EU web links
A collection of links to web sites of the European Union institutions and other European business web sites.
- — 08 December 2016, 11:36 CET
The European Solidarity Corps is a new European Union initiative which creates opportunities for young people to volunteer or work in projects in their own country or abroad that benefit communities and people around Europe. Young people who take part in the European Solidarity Corps will all agree with and uphold its Mission and Principles. You can register for the European Solidarity Corps when you are 17 years old, but you cannot start a project until you are over 18. European Solidarity Corps projects will be available to people up to the age of 30 years old.
- — 07 December 2016, 20:48 CET
At EU level, nature and biodiversity are protected by several laws. The EU has been committed to the protection of nature since the adoption of the Birds Directive in April 1979. It provides comprehensive protection to all wild bird species naturally occurring in the Union. The Habitats Directive was adopted in 1992 to help maintain biodiversity. It protects over 1000 animals and plant species and over 200 types of habitat. It also established the EU-wide Natura 2000 network of protected areas.
- — 07 December 2016, 12:11 CET
The European Commission published on 6 December 2016 the first evaluation of how IT companies applied the code of conduct to combat illegal online hate speech.
- — 07 December 2016, 11:44 CET
The European Commission wishes to promote free Wi-Fi connectivity for citizens and visitors in public spaces such as parks, squares, public building, libraries, health centres, and museums everywhere in Europe through WIFI4EU.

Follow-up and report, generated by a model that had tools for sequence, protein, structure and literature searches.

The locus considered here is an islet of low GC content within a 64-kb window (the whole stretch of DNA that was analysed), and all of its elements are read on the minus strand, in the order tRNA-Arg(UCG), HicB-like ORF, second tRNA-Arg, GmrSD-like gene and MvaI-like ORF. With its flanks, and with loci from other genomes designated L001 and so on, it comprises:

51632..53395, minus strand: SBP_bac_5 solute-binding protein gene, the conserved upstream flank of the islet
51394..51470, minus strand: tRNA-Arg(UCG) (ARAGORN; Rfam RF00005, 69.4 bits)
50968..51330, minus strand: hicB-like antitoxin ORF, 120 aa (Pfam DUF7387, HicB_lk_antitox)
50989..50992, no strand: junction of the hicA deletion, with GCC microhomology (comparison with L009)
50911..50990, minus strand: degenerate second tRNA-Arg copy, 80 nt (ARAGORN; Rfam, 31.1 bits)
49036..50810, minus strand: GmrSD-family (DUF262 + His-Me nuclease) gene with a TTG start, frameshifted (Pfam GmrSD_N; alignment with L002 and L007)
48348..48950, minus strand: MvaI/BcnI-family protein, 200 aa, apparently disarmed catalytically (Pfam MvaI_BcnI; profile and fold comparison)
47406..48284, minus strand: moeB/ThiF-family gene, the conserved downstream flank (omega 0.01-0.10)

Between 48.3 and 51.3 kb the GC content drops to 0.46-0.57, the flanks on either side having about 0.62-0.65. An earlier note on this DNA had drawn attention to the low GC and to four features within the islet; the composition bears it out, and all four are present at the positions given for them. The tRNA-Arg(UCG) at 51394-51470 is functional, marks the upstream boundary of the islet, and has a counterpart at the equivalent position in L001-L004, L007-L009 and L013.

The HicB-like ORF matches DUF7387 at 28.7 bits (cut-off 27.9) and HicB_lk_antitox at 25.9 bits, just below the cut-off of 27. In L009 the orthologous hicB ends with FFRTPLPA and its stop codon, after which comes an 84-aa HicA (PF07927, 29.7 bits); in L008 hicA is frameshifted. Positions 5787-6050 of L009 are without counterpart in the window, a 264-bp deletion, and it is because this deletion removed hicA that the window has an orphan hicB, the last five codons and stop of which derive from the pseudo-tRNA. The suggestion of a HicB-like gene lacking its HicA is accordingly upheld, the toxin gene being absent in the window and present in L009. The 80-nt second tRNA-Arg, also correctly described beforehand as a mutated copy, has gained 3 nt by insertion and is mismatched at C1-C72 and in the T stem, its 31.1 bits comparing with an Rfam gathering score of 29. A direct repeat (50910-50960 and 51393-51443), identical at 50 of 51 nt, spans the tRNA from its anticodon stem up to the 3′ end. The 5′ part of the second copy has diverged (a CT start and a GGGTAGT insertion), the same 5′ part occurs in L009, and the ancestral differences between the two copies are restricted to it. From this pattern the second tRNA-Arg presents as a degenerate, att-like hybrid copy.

- — 01 December 2016, 17:35 CET
The application of VAT is decided by national tax authorities but there are some standard EU rules, which are explained on this European Commission website. Check basic VAT rules in each EU country, and consult a Tax information Communication database.
- — 28 November 2016, 18:24 CET
Around 88 million tonnes of food are wasted annually in the EU, with associated costs estimated at 143 billion euros (FUSIONS, 2016). Wasting food is not only an ethical and economic issue but it also depletes the environment of limited natural resources. All actors in the food chain have a role to play in preventing and reducing food waste, from those who produce and process foods (farmers, food manufacturers and processors) to those who make foods available for consumption (hospitality sector, retailers) and ultimately consumers themselves. The central goal of EU food safety policy is to protect both human and animal health. We cannot compromise on these standards but, in co-operation with Member States and stakeholders, are looking for every opportunity to prevent food waste and strengthen sustainability of the food system.
- — 28 November 2016, 14:24 CET
Geo-blocking and other geographically-based restrictions undermine online shopping and cross-border sales. The Digital Single Market strategy includes a commitment for an initiative to end unjustified geo-blocking by way of legislative proposals.
- — 24 November 2016, 20:05 CET
The so-called "Milk Package" has been designed with a view to the longer-term future of the dairy sector following the end of the quota system in 2015. It is fully applicable as from 3 October 2012.
- — 23 November 2016, 20:26 CET
The European Commission is bringing together internationally renowned expertise to strengthen country-specific and EU-wide knowledge in the field of health. This initiative is designed to support EU Member States in their evidence-based policy-making.
- — 22 November 2016, 00:08 CET
The European Securities and Markets Authority (ESMA) has published an updated questions and answers document on the application of the Undertakings for the Collective Investment in Transferable Securities Directive (UCITS).
The Q&A includes two new questions and answers on how investment limits should be applied where a UCITS wants to invest in an umbrella fund. The purpose of the Q&A document is to promote common supervisory approaches and practices in the application of the UCITS Directive and its implementing measures.
- — 17 November 2016, 18:46 CET